When I was in elementary school I played ice hockey. I’d like to think I was all right, but it could be that I am remembering it as I wish it was. I wasn’t the fastest or the most accurate, and I definitely wasn’t the strongest, but I had something more. I was invigorated by it. The speed and intensity of even elementary school hockey is still memorable to this day.

But team sports aren’t for everyone. Some kids aren’t built for them, or don’t like rules and yard lines. There is downtime involved, and sometimes you could be benched for a game you really wanted to be a part of.

That’s why every student should try cross country.

In cross country, every athlete gets to run. Regardless of speed or endurance, everyone at least gets to race. Even if your only competition is beating your PR — that’s cross country language for “personal record” — this is still something to run for.

It’s also a very simple sport. Line up at the start, wait for runner’s mark, and race to the finish, usually involving a 5 km distance in high school. All of this makes cross country a very easy sport to pick up and improve in. All an athlete has to work on is endurance and speed, eating well and attending practice.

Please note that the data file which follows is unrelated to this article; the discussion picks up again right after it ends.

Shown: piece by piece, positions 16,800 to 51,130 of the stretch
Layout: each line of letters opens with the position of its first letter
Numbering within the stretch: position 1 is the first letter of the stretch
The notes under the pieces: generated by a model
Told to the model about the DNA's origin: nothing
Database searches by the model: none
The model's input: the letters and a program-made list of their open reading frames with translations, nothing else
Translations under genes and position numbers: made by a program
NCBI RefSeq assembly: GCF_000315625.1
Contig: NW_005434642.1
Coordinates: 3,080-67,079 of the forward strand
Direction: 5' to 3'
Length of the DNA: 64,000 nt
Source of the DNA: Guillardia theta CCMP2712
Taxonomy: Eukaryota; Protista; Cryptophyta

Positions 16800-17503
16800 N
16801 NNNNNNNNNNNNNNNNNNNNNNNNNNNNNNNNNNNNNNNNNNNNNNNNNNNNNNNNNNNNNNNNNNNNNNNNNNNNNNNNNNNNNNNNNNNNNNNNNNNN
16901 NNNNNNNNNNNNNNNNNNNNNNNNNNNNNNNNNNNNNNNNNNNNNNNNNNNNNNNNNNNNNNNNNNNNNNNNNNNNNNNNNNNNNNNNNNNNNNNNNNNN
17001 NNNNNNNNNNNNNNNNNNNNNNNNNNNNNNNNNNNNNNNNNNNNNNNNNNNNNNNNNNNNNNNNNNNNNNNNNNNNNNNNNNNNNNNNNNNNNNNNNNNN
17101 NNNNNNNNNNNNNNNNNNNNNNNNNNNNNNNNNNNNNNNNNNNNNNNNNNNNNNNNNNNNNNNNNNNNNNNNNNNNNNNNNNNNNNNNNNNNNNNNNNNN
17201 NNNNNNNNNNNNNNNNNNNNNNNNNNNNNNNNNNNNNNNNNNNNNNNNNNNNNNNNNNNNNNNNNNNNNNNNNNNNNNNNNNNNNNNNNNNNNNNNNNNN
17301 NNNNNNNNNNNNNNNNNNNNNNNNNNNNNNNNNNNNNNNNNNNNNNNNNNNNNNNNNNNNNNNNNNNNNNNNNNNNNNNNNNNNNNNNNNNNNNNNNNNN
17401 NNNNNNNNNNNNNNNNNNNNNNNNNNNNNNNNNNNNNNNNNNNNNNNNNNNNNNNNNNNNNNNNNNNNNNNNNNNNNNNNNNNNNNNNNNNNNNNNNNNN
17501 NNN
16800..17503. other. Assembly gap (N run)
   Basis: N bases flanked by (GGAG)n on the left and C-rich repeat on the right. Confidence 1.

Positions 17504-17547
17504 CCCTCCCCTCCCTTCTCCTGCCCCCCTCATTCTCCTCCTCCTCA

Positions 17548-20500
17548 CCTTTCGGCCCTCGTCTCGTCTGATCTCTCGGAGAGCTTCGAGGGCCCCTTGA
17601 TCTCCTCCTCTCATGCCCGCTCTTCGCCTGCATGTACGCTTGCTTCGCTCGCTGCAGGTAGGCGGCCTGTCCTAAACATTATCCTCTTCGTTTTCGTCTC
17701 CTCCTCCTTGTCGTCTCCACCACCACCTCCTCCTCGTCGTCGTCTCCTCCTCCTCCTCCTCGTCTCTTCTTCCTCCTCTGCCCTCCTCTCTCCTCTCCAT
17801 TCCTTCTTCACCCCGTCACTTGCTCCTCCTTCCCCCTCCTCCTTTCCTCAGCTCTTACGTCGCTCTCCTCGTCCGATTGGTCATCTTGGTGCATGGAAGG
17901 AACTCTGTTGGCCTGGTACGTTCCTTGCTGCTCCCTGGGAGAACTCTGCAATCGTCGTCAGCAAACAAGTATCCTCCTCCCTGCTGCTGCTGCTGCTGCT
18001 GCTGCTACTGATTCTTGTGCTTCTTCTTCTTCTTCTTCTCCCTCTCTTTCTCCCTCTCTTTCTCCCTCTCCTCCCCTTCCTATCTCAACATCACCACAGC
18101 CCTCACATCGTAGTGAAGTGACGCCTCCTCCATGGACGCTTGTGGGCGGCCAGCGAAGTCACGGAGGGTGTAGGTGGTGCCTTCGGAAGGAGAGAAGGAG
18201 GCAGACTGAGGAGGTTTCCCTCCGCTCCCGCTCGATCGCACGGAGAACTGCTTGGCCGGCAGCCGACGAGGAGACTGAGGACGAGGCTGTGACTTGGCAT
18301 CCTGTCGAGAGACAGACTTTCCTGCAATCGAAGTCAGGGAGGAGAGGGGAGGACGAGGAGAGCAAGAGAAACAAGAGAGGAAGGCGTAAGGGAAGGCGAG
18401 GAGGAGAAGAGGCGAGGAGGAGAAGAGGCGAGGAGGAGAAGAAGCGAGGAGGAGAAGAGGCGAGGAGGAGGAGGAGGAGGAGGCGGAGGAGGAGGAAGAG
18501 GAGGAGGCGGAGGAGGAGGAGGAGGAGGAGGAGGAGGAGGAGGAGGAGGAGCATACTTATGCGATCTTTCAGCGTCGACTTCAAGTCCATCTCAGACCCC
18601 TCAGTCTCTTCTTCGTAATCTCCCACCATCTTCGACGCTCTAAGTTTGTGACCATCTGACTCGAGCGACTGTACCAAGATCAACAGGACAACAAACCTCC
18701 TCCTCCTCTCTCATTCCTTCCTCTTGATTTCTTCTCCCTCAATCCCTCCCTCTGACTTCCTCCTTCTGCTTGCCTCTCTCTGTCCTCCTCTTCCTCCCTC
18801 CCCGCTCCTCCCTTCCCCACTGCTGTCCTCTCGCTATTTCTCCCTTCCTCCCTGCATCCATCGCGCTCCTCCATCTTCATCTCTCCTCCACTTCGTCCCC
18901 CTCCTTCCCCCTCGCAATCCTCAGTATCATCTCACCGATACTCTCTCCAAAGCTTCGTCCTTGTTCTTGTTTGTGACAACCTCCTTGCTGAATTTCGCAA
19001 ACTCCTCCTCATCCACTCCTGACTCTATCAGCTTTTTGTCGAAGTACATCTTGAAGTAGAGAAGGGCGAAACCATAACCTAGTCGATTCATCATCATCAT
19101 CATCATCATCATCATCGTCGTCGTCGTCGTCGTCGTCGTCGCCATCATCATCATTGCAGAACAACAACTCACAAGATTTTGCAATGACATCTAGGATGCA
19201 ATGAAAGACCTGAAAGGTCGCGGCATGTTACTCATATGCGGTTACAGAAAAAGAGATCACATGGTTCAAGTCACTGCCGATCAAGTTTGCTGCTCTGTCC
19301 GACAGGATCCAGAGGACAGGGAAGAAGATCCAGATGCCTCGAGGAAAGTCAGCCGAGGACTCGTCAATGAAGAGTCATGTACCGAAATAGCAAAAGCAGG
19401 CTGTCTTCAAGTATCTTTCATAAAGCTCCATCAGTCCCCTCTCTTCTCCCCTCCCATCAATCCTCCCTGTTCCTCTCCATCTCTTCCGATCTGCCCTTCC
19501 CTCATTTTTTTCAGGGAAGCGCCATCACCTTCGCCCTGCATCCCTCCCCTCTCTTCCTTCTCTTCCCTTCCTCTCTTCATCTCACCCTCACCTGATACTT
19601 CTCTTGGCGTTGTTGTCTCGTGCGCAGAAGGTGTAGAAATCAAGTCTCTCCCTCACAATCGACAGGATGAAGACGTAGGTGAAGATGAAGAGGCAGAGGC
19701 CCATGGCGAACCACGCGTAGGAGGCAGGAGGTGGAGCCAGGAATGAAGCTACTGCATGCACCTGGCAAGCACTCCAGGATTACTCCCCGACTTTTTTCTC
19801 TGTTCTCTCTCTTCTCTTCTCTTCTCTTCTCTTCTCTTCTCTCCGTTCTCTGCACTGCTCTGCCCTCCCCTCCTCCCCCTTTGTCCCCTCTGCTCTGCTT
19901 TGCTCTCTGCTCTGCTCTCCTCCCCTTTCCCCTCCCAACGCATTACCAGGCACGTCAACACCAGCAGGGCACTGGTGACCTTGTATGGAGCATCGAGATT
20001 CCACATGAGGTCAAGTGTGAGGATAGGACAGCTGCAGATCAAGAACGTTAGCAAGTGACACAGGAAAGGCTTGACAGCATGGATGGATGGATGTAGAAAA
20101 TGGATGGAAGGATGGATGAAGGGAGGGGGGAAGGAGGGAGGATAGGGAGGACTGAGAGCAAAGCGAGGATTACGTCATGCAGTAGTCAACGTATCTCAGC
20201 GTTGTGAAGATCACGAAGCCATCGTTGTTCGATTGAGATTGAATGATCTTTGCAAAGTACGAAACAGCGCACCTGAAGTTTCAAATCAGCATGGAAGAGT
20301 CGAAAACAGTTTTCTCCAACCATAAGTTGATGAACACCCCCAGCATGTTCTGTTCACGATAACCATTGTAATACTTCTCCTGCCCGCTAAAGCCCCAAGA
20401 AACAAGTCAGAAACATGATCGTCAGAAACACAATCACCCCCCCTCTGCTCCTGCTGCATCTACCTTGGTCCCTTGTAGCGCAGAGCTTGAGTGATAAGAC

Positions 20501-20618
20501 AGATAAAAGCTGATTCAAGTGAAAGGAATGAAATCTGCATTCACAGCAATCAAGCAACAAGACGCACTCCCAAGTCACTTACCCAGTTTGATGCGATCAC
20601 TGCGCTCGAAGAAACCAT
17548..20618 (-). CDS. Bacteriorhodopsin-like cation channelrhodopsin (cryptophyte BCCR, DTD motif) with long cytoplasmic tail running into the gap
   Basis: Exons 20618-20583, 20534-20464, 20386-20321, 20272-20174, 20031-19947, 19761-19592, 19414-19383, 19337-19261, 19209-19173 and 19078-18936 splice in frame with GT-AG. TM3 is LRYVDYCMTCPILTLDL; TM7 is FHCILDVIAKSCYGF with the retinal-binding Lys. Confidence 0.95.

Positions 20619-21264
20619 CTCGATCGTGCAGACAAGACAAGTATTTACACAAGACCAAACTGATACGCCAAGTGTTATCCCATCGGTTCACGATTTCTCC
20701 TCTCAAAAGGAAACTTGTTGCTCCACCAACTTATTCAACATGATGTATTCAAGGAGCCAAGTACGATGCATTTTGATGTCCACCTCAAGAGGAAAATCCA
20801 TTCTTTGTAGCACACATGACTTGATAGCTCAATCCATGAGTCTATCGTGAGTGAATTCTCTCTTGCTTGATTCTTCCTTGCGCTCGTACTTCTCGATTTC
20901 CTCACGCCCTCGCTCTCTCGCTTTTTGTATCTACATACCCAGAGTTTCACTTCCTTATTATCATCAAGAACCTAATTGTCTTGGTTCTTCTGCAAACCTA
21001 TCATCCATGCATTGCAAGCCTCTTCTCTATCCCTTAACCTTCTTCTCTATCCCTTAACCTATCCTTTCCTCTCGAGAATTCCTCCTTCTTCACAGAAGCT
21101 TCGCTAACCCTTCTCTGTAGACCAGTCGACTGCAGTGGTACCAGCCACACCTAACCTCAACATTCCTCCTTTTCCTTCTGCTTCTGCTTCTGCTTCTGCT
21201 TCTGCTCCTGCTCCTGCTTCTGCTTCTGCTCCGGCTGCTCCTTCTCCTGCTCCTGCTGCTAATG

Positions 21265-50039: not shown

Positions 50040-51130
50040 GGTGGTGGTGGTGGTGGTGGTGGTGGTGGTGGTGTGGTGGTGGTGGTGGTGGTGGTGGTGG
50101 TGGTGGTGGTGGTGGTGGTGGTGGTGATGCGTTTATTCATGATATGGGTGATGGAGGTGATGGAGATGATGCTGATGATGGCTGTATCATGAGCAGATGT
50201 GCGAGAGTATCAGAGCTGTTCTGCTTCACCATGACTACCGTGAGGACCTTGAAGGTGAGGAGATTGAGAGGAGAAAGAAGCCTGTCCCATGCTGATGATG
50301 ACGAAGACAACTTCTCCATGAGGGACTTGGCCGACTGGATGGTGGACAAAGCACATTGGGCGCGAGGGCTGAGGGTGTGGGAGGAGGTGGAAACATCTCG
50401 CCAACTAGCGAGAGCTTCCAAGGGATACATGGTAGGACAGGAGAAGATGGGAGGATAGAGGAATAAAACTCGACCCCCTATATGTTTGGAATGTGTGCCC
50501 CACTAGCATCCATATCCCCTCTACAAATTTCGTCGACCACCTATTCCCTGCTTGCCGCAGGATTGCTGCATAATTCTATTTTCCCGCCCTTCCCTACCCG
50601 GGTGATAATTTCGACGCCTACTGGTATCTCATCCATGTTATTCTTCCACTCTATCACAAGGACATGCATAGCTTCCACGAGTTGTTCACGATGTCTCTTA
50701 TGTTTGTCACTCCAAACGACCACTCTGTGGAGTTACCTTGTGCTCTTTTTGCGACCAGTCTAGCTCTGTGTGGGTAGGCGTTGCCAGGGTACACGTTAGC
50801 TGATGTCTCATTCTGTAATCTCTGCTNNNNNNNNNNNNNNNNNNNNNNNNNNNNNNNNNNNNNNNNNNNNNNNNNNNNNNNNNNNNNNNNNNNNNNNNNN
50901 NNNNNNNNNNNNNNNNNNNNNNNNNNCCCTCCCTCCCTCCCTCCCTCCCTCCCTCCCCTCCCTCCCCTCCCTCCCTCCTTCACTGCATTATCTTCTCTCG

I don’t want to imply it’s easy, because it isn’t. On recovery days, you will still be running 2 to 4 miles (at a slower pace) to recover from harder workouts. On hard days, practice could consist of 800-meter repeat runs, hill climbing, or course-specific work. Still, every sport comes with difficulties and, if a runner works hard, improvement will happen.

I started running in my freshman year. I wasn’t fast. I walked a lot, and I felt embarrassed at how much better everyone was compared to me.

I’m a senior this year. I’m faster, I haven’t walked in a long time and, although I may not be the fastest, I’m proud of what I’ve accomplished in my four years of cross country. I would never trade it for any sport.

That isn’t just my unique story. Every runner has his or her own, and a lot of their stories are like mine: Student athletes who may not be the best, but who are proud they decided to join the team.

Ries Parnell is a senior at West Valley High School.